‘An Enola Holmes Mystery: The Case of the Bizarre Bouquets’ - Hardcover Review

First appearing in 1887, Sherlock Holmes is undoubtedly the world’s most popular fictional detective. (Sorry, Batman.)  The character, created by Sir Arthur Conan Doyle, is so instilled in pop culture that most of the detective tropes we see today come right from classic Sherlock Holmes stories.  With countless novels, award-winning TV shows, and summer blockbuster movies, it is impossible to escape the good detective in your favorite medium.  While most of these incarnations are okay, they rarely say anything new.  Where the challenge lies is adding to the Sherlock Holmes lore and not just re-imagining or rehashing what the series was built upon.  Before hearing of Nancy Springer’s work and now Serena Blasco, I would have assumed that the Holmes world had been squeezed dry with the same characters, same stakes, same “who done its.”  After reading An Enola Holmes Mystery: The Case of the Bizarre Bouquets, I have never been so happy to be wrong.

Literary pastiche series An Enola Holmes Mystery: The Case of the Bizarre Bouquets is based on the Nancy Springer YA novels that borrow characters and settings from the established canon of Sherlock Holmes.  Nancy Springer adds another fold into the Holmes tapestry by introducing the Enola character who is Springer's creation and specific to this series. The younger sister of Sherlock and Minecraft who is a budding detective in her own right, with the brilliance and courage of her well-known siblings.  In the adaptation of Springer’s third novel, Sherlock's companion, Dr. John Watson, has gone missing. Enola discovers a bouquet of flowers at the scene of the crime. Using the language of the flowers and prodigal detective skills, she sets out to find the missing doctor and his kidnapper.

Of course, parody is easy, but actually adding to a timeless world and raising the level of excellence is astounding. Just as Springer has done with Enola in her series, artist and storyteller Serena Blasco has done here with this incarnation of the third book in the Edgar Award-winning novels.  Blasco uses her prolific skills as a watercolor painter to bring Springer’s mystery to life. Her sublime and distinctive watercolor style literally gives the pages the feel of one-of-a-kind works of art. A classically trained artist, she uses timeless techniques at a time when many comics artists draw digitally.  The artist continues to paint by hand on paper, and it’s evident she draws much inspiration from European artists Monet, Van Gogh, and Renoir.  Her use of colors and the expressive, soft characters give strength and curiosity to each page.  The mix of impressionistic and fine details add to the whole picture, and it’s truly special to see old-school watercolor methods in popular comics today.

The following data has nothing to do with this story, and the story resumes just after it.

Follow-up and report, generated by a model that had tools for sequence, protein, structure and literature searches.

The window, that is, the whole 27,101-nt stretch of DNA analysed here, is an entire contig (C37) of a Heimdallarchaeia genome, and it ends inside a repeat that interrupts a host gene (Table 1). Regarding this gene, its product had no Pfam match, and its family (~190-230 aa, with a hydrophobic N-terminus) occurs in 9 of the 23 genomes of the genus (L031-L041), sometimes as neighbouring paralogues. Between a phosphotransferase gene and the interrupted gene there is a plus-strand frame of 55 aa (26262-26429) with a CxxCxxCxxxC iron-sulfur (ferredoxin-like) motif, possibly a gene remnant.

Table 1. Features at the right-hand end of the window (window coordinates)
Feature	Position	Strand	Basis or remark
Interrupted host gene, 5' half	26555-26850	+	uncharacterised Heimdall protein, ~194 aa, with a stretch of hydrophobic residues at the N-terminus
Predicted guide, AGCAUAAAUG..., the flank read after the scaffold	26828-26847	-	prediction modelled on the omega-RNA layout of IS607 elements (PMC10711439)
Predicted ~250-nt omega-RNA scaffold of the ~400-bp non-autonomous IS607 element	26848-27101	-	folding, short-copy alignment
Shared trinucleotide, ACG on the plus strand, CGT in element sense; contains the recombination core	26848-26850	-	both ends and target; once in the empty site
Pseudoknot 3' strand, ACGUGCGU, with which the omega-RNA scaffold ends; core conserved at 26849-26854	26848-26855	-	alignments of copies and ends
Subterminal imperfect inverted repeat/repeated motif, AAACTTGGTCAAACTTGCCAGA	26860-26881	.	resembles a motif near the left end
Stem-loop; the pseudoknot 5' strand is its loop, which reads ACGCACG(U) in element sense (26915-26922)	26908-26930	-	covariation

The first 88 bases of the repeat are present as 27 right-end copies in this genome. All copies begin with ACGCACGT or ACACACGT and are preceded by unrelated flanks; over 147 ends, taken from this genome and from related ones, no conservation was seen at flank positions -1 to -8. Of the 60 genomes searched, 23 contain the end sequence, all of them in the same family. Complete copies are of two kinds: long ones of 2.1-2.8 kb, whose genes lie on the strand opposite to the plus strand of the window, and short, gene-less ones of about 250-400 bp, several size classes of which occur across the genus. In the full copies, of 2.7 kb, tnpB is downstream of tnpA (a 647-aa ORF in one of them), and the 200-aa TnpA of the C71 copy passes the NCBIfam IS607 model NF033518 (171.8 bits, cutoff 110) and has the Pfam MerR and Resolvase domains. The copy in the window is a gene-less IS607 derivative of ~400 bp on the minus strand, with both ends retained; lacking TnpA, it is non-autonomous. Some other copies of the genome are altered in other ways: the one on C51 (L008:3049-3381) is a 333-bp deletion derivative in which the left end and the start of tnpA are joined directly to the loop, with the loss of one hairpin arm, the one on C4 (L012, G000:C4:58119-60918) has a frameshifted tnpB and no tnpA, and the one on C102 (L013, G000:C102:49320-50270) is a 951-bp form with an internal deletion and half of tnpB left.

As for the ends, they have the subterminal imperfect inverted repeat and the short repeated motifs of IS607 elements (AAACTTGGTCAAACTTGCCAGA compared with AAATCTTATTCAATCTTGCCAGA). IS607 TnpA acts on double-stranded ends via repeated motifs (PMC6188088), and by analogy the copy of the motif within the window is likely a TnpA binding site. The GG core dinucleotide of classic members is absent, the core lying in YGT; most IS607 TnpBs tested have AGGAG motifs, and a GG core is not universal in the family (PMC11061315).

Rather than solely praise the visual aspects of The Case of the Bizarre Bouquets, I must give props to the storytelling and pacing, as well.  Blasco deserves huge accolades for making this a superb detective tale from beginning to end.  As Enola races to solve the mystery before her super sleuth brother, no time is wasted and every page’s illustration and each line of dialogue is of utmost importance.  Like a well-designed mystery should, the story makes the reader feel as Enola’s “right hand.” The use of narration and creative page layouts gave me the feeling I was inside the mind of the young detective.  You get to see the thought process and share all of the “Eureka” moments.  

All and all, this is an amazing mystery comic.  If this is your first mystery comic, you can't do much better.  It’s easy to jump into because of the long history of the Sherlock Holmes lore, but there is enough new territory covered that it feels like its own world.  Serena Blasco is the perfect artist for this series, and I can’t wait to go back and pick up the first two volumes.  The stakes are high in The Case of the Bizarre Bouquets, and although I will not spoil the ending, in the essence of Enola, I will leave you with a clue.  This review is an acrostic, and as long winded as it was, the answer is a breeze. 


Creative Team: Serena Blasco (writer, artist)
Publisher: IDW Publishing
Click here to purchase.



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